As people progress, they continue to rely on AHC’s staff for continued support. AHC-GB’s work has led to greater financial stability in the Park Heights community at large through better housing, better access to services, and better financial outcomes.
5a. Too many people in the U.S. have unmet needs for financial products and services. How is your work reaching a population(s) that is currently underserved? If it is not reaching an underserved population yet, how might it in the near future?
AHC is working in Park Heights, Baltimore, one of the poorest neighborhoods in the city. 98% of our residents are African American and 90% report income of less than $20,000/year. One property is nearly all seniors with a mistrust of the financial mainstream, while another property is 85% single mothers with children of all ages. Many are unemployed and rely solely on public benefits. We strive to empower these residents to be the drivers of their own financial wellbeing, resilience and freedom.
5b. Please specify if the population you are reaching is underserved due to any of the following characteristics:
age - elder
6. Marketplace: Who else is addressing the same problem? How does the proposed project differ from these approaches?
Other developers of affordable housing include Comprehensive Housing Assistance, Episcopal Housing Corp, Saint Ambrose, and GEDCO. Organizations for Financial Capability include CASH Campaign, Guidewell Financial Services, and Community Action Agencies. AHC differs by offering both affordable housing and financial capability services, all onsite where clients live to build trust and sustainability. In addition to using housing as a foundation, we use innovative new technologies (Question 3) to help these residents join not only the mainstream, but the cutting edge of new technology in FC.
7. Impact: How has your project made a difference so far?
Resident Services has offered onsite programs to low-income residents at our Baltimore properties for 10 years. We started with eviction prevention in 2009 and expanded later to include financial capability and job readiness.
We have worked with about 100 residents each year on financial coaching since 2012. We help residents develop spending plans, set up accounts with mainstream institutions, use technology and coaching to improve credit scores and ratings, and get and maintain jobs. We also measure residents’ self-reported feelings of financial security, which have increased significantly since we started.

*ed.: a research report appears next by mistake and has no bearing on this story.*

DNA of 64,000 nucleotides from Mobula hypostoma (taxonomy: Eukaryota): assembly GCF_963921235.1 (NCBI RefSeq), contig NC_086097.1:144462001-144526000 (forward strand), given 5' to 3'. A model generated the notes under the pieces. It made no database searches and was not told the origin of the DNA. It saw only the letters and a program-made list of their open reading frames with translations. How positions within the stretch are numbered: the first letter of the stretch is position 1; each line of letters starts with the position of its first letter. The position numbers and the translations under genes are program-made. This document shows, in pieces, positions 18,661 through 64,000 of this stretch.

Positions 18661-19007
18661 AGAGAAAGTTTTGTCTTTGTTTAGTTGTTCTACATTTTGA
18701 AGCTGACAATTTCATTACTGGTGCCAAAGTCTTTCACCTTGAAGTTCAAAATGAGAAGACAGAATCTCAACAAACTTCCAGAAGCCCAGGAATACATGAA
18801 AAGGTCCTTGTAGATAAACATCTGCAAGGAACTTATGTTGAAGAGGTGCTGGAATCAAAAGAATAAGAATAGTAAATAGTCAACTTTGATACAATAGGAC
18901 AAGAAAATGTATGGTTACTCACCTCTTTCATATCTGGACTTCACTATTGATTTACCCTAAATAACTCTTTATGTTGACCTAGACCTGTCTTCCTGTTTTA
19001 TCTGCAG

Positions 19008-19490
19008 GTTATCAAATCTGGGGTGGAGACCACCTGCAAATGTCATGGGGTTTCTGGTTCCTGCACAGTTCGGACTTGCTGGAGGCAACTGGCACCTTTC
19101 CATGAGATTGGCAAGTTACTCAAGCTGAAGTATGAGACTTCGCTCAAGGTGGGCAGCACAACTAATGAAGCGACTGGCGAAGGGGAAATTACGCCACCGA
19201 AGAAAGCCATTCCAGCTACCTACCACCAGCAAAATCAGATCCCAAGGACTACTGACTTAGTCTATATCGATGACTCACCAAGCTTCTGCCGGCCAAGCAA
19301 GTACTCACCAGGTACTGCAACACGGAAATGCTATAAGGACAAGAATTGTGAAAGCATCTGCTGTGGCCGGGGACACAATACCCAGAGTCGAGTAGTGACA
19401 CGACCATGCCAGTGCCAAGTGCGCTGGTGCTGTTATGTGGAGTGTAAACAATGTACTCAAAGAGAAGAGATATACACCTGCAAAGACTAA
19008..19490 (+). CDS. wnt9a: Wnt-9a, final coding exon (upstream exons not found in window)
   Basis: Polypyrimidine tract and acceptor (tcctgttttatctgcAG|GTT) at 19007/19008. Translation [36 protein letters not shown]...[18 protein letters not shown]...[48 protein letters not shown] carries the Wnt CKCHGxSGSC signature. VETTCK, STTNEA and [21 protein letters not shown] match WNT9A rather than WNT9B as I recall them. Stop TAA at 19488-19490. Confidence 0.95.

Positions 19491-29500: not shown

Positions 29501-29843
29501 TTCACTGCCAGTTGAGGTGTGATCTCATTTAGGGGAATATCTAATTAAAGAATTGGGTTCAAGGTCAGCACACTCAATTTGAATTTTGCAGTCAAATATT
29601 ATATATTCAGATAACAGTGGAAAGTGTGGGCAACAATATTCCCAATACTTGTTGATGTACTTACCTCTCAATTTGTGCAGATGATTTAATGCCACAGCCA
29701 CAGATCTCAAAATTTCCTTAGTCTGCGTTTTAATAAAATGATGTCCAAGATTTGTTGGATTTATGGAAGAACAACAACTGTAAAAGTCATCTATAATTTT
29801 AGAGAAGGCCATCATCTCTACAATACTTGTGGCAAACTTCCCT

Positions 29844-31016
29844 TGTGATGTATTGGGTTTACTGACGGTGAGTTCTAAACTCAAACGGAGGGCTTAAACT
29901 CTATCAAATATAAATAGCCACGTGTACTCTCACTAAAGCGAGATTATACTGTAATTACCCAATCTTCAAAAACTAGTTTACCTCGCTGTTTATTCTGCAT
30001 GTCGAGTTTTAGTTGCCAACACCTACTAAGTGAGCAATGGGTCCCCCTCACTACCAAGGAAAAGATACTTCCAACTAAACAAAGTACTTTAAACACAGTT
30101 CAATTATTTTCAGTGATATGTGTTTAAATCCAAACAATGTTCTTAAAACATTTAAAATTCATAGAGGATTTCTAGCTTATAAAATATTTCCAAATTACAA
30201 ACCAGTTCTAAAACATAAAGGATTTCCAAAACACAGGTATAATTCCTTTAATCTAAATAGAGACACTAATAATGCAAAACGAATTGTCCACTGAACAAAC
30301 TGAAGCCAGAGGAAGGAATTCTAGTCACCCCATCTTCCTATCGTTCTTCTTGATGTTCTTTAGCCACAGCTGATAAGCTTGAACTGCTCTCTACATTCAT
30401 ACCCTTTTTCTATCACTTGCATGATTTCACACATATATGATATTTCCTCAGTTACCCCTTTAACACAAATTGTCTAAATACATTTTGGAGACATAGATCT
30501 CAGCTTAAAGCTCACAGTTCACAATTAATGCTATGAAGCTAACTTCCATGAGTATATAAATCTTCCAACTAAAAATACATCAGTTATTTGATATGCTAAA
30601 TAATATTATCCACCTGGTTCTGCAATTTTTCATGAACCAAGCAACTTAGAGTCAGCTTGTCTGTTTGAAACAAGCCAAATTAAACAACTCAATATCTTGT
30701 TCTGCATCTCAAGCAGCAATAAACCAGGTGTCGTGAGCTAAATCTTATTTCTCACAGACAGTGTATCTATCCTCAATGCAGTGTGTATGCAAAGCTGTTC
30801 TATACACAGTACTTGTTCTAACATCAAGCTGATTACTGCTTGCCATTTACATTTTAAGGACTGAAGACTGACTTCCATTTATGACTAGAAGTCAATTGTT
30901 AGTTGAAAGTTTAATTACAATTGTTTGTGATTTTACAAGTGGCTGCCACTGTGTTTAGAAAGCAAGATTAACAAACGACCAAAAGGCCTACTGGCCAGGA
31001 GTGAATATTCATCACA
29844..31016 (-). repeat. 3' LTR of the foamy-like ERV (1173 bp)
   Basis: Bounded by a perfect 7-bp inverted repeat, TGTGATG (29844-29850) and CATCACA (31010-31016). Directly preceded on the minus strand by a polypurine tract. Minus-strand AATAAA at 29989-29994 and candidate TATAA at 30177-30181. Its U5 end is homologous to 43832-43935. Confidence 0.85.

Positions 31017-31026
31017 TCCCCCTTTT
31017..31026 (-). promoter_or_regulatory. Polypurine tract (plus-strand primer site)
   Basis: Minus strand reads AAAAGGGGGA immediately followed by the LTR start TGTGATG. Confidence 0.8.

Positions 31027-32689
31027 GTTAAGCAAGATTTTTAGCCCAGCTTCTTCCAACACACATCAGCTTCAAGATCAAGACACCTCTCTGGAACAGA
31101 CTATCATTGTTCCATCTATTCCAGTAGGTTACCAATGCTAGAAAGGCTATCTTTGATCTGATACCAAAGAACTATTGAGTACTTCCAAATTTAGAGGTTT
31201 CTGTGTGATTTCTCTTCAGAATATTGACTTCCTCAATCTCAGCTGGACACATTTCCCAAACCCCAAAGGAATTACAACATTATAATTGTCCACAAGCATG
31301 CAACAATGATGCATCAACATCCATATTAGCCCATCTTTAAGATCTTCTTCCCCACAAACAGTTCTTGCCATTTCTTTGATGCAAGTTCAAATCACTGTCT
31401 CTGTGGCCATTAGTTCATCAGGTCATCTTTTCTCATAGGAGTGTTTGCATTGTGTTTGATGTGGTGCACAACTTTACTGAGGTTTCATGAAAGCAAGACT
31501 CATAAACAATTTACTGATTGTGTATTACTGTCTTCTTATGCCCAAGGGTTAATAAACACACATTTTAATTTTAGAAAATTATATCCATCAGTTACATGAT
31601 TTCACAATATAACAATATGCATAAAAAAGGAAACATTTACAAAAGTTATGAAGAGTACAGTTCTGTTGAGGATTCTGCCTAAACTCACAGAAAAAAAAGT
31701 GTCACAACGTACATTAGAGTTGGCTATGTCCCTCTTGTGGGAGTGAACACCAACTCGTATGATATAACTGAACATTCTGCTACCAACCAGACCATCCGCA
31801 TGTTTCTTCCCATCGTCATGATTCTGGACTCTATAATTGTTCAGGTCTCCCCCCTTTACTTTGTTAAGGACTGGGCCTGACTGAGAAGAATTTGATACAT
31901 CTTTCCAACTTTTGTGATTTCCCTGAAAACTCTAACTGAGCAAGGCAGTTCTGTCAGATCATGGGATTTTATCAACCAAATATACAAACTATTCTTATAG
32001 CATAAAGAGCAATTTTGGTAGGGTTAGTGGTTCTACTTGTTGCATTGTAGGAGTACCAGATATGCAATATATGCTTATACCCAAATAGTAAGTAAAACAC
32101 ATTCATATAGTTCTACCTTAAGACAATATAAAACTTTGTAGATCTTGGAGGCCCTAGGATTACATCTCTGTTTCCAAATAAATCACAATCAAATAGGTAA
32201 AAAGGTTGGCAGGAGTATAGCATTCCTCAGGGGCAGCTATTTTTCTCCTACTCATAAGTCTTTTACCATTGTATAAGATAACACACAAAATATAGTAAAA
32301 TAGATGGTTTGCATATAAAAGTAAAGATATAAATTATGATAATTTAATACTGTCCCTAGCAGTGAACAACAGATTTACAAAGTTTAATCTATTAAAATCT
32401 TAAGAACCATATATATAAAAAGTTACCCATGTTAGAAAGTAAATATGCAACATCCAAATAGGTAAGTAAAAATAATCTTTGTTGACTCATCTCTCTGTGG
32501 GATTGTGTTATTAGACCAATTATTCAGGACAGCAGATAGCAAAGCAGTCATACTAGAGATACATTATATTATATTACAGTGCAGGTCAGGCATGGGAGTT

We continue to make significant investments in these communities through better housing and onsite Resident Services. These programs have become so strong that we have begun to replicate them first at AHC’s properties in VA, then nationally, through NeighborWorks America.
8a. Spread Strategies: Moving forward, what are the main strategies for scaling your impact?
We are now working to replicate our Financial Capability program in Arlington, VA, then nationwide. A consultant is helping evaluate our programs and developing a tool kit for other organizations to scale. Using emerging products and technology will help with scaling.
AHC engages residents in developing and implementing our work through surveys, feedback, and intentional development of resident leaders.
Using established and respected networks such as NeighborWorks America, the Housing Association of Nonprofit Developers (HAND) and Enterprise will also help with scaling.
8b. If applicable, which of the following scaling strategies have you launched?
Large Scale Partnerships
9. Financial Sustainability Plan: What is this solution’s plan to ensure financial sustainability?
AHC’s Resident Services programming is funded by a diverse combination of property fees (41%), grants (31%) and individual (14%) and corporate (12%) contributions. This model blends funding streams for maximum sustainability, with property fees from AHC’s own properties always providing the largest portion of funding.